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While the human population boom in Egypt continues unabated, there is a certain organism that is not so lucky. The croaking of male frogs has always been a familiar sound to the residents of Egypt. In recent years, however, the sound has all but disappeared. The once popular frog population has been steadily on the decrease.

Frogs were once abundant dwellers in the waters of the River Nile. They were so common during the time of the ancient Egyptians that they were called Hefen, the hieroglyphic word for 100,000. The hieroglyphic symbol for Hefen was a tadpole, since frogs gave huge amounts of these offspring. It was such an integral part of the ancient Egyptians' life that they depicted the goddess of fertility as a frog. Although the Egyptian frog has lived in Egypt since ancient times, it now faces a multiplicity of problems. Once one of the most plentiful life forms in Egypt, it has nearly disappeared. The challenges frogs need to contend with are many, and humans form the bulk of their problems.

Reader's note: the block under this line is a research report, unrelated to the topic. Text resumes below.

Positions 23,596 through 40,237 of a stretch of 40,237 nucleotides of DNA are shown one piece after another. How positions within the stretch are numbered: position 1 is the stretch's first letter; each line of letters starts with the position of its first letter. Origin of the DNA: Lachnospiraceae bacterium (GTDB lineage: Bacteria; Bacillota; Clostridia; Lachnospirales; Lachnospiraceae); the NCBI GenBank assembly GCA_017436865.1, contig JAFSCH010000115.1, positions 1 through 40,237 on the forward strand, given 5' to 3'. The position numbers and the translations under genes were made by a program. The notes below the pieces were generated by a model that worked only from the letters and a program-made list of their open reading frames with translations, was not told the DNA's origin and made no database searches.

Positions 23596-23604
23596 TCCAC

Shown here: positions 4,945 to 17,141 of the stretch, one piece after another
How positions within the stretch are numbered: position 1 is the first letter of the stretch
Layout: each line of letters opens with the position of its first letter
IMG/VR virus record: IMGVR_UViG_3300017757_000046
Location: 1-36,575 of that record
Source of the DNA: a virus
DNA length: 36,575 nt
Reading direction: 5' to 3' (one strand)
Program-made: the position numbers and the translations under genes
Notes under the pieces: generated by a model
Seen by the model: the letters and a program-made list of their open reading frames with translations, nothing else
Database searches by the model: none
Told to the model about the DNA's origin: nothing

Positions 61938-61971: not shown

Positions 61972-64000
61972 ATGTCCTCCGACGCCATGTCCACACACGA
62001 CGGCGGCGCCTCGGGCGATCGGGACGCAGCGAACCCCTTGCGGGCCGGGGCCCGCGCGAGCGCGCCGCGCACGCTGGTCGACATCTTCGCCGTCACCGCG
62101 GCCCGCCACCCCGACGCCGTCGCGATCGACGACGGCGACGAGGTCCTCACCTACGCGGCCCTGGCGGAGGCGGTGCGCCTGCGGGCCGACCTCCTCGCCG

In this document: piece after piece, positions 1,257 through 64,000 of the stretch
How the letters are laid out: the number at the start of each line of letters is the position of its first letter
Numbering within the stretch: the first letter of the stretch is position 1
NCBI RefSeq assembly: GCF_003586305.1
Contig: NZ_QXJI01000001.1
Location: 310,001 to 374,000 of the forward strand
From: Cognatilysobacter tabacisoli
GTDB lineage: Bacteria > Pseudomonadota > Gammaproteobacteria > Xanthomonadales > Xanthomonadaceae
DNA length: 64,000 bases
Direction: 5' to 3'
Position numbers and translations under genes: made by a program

Existence Problem

There are seven different types of frogs in Egypt. However, the most common is Bufo regularis, also known as the African common frog or the Egyptian matriculated frog.

Dr. Samy Zalat, a professor of biodiversity and evolutionary biology in Egypt's Ministry of Environment, was the first to acknowledge the problem. "The first thing we need to establish is this: Is there a threat to the frogs?" said Zalat.

He explained that the common frog is facing several challenges. Human expansion has caused extensive habitat damage for the frogs. Destructive pesticides that seep into the sewage system also cause poisoning and even mutation to large numbers of frogs and tadpoles.

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